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Online Talk Netherlands

This Online Talk will focus on career prospects for researchers at risk/with refugee background in the Netherlands. The speakers will not only introduce available national support structures and national programmes, but also will share experiences and pathways into the Dutch research landscape and how to successfully integrate. Moreover, a programme that promotes access into higher education and gaining working experience at a Dutch university both for administrative and research staff will be introduced. Date/time: Friday, 30th October, 11:00 - 12:00 (CET) The main goals of the event: Propose potential actions and initiatives at national and European level that could help researchers and institutions willing to support them Introduce programme for support for refugee/at risk researchers who want to gain working experience at a Dutch university Share experiences of pathways on how to successfully integrate into Dutch academia Discuss main short and long term challenges and potential ways to overcome them at national and European levels   Speakers   Ewing Amadi Salumu, Foundation for Refugee Students (UAF) Dutch research landscape - Available national support structures and programmes for researchers with refugee background/at risk Dr. Elena Valbusa, Utrecht University Dutch HEIs in support for researchers with refugee background/at risk - Access to administrative and research labour opportunities Musa Idris, Maastricht University/Erasmus Medical Centre Routes into Science: How to integrate into Dutch research landscape   Register for the Online Talk.  ...

ACA Think Pieces

The world after COVID-19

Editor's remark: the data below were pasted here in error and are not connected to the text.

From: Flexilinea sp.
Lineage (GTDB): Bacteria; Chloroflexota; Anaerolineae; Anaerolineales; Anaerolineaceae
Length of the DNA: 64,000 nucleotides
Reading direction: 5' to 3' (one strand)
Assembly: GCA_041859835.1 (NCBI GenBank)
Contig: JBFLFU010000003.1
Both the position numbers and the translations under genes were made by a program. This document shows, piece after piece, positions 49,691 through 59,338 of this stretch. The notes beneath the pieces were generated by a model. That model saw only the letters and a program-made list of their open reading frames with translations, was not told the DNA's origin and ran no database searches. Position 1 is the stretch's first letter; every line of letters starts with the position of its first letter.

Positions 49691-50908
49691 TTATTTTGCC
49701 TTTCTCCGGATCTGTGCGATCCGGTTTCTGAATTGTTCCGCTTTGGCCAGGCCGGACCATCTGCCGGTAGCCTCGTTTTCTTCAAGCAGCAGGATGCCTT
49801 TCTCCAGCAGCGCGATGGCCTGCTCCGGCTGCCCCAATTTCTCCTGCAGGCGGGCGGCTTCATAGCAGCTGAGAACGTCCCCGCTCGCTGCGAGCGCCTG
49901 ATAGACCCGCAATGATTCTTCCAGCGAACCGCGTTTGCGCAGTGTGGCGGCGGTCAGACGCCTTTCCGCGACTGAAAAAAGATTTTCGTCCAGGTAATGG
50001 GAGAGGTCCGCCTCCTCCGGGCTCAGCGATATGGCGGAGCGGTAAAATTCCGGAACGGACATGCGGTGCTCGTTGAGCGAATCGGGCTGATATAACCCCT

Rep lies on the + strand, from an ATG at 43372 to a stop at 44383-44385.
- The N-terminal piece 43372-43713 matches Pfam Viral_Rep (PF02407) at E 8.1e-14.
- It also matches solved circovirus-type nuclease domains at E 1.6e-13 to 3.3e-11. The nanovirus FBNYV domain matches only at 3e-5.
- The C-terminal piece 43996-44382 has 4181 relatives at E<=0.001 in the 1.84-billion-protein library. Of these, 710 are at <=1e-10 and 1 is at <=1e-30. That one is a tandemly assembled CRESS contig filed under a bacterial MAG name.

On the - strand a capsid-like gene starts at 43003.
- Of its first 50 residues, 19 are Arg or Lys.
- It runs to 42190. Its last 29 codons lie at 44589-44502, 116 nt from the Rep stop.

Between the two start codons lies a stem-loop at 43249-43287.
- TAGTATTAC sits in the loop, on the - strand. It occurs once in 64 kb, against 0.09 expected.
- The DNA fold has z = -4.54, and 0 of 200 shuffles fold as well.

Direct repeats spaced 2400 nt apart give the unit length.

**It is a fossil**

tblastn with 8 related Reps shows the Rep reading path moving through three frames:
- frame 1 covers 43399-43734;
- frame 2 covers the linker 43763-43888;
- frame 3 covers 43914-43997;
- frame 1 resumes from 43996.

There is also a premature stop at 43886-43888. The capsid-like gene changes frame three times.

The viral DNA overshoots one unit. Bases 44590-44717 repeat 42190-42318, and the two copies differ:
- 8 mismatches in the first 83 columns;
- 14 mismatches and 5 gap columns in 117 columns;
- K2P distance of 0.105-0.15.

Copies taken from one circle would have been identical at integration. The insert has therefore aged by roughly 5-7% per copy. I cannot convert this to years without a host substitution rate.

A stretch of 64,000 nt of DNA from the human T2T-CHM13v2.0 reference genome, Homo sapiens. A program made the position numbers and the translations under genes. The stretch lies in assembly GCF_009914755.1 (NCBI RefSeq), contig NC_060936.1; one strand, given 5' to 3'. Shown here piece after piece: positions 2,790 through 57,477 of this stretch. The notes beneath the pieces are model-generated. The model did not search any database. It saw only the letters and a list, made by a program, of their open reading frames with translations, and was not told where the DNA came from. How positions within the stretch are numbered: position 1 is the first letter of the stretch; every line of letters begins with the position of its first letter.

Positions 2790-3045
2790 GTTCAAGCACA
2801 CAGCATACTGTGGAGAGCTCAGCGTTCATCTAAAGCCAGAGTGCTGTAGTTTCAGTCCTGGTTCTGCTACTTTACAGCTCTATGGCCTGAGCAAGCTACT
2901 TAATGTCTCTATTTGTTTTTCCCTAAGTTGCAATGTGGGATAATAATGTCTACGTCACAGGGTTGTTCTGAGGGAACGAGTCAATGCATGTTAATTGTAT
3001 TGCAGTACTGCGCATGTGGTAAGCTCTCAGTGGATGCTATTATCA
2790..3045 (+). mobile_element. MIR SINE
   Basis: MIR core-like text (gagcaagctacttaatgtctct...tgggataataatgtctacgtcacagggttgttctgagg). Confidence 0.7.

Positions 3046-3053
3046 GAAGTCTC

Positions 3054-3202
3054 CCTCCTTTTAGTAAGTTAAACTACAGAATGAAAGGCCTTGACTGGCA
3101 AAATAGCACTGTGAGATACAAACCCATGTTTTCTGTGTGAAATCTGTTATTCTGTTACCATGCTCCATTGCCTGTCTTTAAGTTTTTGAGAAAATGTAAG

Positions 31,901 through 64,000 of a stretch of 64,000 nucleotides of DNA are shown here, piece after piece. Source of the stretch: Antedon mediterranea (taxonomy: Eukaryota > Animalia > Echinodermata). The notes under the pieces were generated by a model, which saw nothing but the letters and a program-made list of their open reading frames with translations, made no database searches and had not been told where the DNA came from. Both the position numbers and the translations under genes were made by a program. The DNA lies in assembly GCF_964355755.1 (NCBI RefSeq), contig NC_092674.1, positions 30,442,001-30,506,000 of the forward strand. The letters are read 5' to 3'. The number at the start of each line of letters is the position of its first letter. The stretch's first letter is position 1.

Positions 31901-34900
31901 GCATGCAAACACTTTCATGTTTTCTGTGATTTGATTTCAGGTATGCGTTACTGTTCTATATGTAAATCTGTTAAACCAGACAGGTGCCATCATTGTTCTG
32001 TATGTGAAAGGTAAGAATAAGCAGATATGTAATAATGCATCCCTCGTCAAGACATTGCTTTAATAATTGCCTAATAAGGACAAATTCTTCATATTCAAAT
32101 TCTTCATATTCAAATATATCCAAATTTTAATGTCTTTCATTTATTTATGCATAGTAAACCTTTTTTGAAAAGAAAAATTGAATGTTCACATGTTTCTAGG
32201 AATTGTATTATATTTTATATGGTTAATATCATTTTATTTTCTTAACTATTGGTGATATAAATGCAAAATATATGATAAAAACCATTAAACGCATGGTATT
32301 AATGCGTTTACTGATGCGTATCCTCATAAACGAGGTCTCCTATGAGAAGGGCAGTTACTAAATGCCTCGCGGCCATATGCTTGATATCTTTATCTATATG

The World after COVID-19 is a series of ‘think pieces’ which ACA started publishing every Tuesday since early May . The pieces are authored by well-known experts in the field of international higher education. The basic question posed to them all is if and how the post-COVID-19 world will differ from the one we have until recently been used to.  The last months have changed our lives in an unprecedented way. We have lived a slow life, a life short of direct human contact. Travelling has become a rare activity and, outside of one's own country, often impossible. Cities, usually awash with motored vehicles, have opened up into spaces for pedestrians and cyclists. Universities and schools switched to online teaching almost immediately. Pollution levels are dropping fast. I feel I live in a prison, but in a very comfortable one. That much for now. And 'now' can still last quite a while, mind you. But what about the post-COVID-19 days? Will the past months look in hindsight like a bizarre intermezzo and will 'normalcy' reign again? Or will the corona experience whet our appetite for a 'new normal'. Might we even have learned some lessons and could we find smarter ways of living, working, learning and moving in the future? It is a worthwhile consideration for all sectors of life, but particularly for our own, international higher education. A first glance suggests that higher education institutions leap-frogged into digitalisation. We do not yet know at which levels of quality and with which learning outcomes. But the ease of the switch to the virtual makes one wonder if online education will become the new default mode. Especially in the case of study abroad. Will physical mobility, of students and of faculty, become an outmoded form of study? Will we still fly in the thousands to the other end of the world to attend a conference that we might also attend in front of our computer screens? It would be cheaper, more environment-friendly and it would save us time. Will we still need offices at all? Has the virus not demonstrated that we can (almost) all work and even 'meet' from home. Tempting prospects: falling real estate prices, reduced traffic - especially at peak hours, a healthier environment. It is to answer questions like those above and many others that ACA is starting a series of 'think pieces' devoted to the world after COVID-19. The 'think pieces' have been distributed through ACA's mailing list every Tuesday and are retrievable from ACA's Publication section now.  ...

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